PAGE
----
It turned out the only reason they wanted me there the day before wasn't to discuss the case or anything, they just wanted to be hospitable. The hospitality cost me a day at work out of my last week in the job which I sorely needed as I was scrambling to write up all my pending case reports. Worse still, the regiment was being posted so if the case had been delayed it would have been a free trip to Kenya instead and probably a witness fee.

    1. Eclectic Man Silver badge
      Pint

      Re: On the other hand... - drinking

      One of my friends (now sadly deceased) joined the RN. Well, as a cadet on a training 'ship'* he needed permission from his CO when a couple of his mates who were training to be RC priests invited him for a weekend out. He duly went.

      On his return he demanded that his CO never again give him permission to go out with seminarians as they drank him under the table on every available opportunity (breakfast, lunch dinner ...).

      *In the RN, every organisation is a 'ship. HMNS Seahawk is a land base split in two by a dual carriageway, for example.

      1. Anonymous Coward
        Anonymous Coward

        Re: On the other hand... - drinking

        Many years ago I was working on PDP-11s (many years, right) and was sent to do a week's consultancy for an RN shore base. On the first day as midday approached the officer in charge sought me out and asked me a few questions, like my academic qualifications, experience, financial and man management responsibilities. "Don't worry" he said, "this is just to work out what equivalent rank we can give you, and I think we can call you a captain, so you can come to lunch with us". And very nice the senior officers mess was too.

      2. spuck

        Re: On the other hand... - drinking

        Her Majesty's Not a Ship?

  24. Paul Cooper

    Not a hotel, but...

    I once organised and ran an IT course for an International audience in the Palacio San Martin in Buenos Aires. I didn't choose the venue - it was my colleagues - but it must have been the grandest possible venue for a nuts and bolts course on Web Mapping and GIS!

    See https://en.wikipedia.org/wiki/San_Mart%C3%ADn_Palace

  25. trevorde Silver badge

    Sod Monaco!

    Worked for a software company where one of the devs got sent to Monaco for a 'Site Acceptance Test'. Sounds exotic but the reality was he was stuck in a small, windowless, airless office; in summer; trying to hack the code to get it to work; whilst someone with a jackhammer destroyed a wall about 6 feet from him. The only parts of Monaco he saw was from the taxi, going to & from the airport. The kicker was that during this time, the boss was having a 5 star reception downstairs to celebrate the success of the project!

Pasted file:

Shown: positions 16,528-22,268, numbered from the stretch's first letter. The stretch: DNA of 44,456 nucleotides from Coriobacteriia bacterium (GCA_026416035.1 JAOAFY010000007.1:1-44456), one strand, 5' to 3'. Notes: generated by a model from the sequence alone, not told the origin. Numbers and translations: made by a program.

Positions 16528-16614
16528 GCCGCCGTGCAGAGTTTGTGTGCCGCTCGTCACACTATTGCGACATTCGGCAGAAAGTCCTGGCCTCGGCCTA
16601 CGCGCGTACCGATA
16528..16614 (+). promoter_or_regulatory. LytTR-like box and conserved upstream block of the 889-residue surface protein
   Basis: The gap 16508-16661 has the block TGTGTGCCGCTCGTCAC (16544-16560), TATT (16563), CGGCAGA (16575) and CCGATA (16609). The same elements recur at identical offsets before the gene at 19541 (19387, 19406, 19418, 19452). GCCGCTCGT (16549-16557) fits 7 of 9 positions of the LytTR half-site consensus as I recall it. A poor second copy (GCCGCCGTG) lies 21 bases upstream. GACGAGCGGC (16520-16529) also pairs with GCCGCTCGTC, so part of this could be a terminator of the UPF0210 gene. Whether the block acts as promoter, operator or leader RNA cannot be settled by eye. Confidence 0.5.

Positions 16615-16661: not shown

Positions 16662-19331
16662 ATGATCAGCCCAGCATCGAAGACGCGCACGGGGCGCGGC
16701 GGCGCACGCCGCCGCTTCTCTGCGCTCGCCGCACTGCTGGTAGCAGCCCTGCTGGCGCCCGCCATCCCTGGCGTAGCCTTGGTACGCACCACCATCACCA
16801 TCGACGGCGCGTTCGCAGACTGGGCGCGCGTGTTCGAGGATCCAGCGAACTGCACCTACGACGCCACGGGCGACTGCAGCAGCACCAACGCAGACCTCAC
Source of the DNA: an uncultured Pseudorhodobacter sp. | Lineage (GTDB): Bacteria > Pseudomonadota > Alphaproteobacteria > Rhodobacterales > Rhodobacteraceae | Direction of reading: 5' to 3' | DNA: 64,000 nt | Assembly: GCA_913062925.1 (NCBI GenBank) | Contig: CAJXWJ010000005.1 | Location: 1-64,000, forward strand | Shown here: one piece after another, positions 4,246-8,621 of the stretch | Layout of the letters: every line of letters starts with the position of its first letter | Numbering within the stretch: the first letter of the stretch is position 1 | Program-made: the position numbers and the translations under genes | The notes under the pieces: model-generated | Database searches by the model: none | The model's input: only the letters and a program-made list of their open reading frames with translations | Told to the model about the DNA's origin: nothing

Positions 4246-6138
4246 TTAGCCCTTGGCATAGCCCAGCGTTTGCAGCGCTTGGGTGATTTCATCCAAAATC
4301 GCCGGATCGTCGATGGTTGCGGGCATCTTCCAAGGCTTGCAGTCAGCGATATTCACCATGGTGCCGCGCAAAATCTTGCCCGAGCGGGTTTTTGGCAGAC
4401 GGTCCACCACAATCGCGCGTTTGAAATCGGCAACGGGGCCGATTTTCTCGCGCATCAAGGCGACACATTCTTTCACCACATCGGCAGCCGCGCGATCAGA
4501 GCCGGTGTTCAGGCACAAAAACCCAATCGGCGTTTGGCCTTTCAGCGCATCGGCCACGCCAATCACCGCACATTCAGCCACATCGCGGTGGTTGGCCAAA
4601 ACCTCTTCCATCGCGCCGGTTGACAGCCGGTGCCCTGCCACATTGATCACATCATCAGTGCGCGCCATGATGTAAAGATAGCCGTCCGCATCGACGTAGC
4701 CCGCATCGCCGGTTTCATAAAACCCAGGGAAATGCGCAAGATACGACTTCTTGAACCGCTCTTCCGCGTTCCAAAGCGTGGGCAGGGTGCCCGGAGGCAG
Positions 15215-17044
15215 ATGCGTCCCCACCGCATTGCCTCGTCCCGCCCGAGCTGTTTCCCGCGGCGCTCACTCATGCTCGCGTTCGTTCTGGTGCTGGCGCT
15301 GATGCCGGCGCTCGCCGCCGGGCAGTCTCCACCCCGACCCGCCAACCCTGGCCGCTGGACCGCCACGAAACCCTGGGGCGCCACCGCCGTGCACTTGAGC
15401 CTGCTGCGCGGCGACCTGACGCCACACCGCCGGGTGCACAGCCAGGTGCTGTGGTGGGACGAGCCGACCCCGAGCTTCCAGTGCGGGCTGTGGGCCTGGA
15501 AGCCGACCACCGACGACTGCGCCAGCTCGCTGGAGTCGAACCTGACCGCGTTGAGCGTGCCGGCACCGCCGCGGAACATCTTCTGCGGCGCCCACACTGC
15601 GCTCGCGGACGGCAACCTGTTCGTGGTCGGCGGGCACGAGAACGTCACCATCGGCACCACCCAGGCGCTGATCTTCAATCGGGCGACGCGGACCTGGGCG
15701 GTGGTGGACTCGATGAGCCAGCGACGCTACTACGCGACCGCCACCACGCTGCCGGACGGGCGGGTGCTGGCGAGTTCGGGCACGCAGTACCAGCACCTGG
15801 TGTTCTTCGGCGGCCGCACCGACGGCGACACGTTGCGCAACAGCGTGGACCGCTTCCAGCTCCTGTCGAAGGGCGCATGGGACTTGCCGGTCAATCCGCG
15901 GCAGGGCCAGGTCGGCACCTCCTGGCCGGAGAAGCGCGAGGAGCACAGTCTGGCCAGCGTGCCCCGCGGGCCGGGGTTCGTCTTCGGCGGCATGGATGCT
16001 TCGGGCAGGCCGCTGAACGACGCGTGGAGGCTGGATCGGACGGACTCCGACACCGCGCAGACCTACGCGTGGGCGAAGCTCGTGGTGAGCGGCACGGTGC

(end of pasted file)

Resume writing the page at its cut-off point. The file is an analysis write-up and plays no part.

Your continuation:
1. Phil O'Sophical Silver badge

      Re: Sod Monaco!

      The only parts of Monaco he saw was from the taxi, going to & from the airport

      He probably saw most of it, then.

    2. CowHorseFrog Silver badge

      Re: Sod Monaco!

      Theres no airport anywhere near monaco.

      1. Dave314159ggggdffsdds Silver badge

        Re: Sod Monaco!

        Nice is about 20 miles away.

  26. TekGuruNull

    Good for him

    As we say on our (west) side of the pond, good work if you can get it.

  27. Nifty

    I was working in Bavaria and we were to meet senior guys from a large British manufacturing company to demo them a system. They arrived late on a Saturday towards the end of September so we planned to show then around the system on Sunday for an hour or two then take them on a tour around the little provincial German town where we were based.

    Then discovered that Bavaria had strict Catholic working hours rules and before anyone could enter the company building on a Sunday, a regional minister had to sign it off.

    It turned out that the Sunday was the opening day of Oktoberfest. Regrettably we had to take the 2 hour train Journey to Munich and spend the day there with our customers.

  28. J.G.Harston Silver badge

    I one had a few days working at Sellafield. The last day finished early enough that I was able to drive to Hardnott Pass and have a few hours rambling in the mountains.

  29. chivo243 Silver badge
    Thumb Up

    Not while working

    I've never been on the working end of a nice work related junket. I got sent to a youth hostel on the island of Texel (bonus points if you know of it) But, I once was on the receiving end of a nice upgrade in Las Vegas about 20 years ago... we got the "I'm sorry sir, we don't have any rooms fitting your reservation"(double queen I think). Perhaps this 8 bedroom suite will be suitable. The master bathroom alone was bigger than one floor of my house at the time! There were only 3 of us...

  30. Marty McFly Silver badge
    Pint

    Did that, done that

    Bahamas, 1996. Computers were shipped with the wrong amount of RAM. No problem, sent more overnight. Oh, and back then international "overnight" really meant two days.

    Ah, but they screwed up again! Invoiced the RAM on the re-ship. Yup, they wanted a huge duty fee on the import - even though duty had already been paid on the correctly invoiced but under-provisioned systems. Send them back and re-ship!

    So four extra days to get some RAM. In the Bahamas. On Paradise Island. It was long before Atlantis was built, so the vibe was different.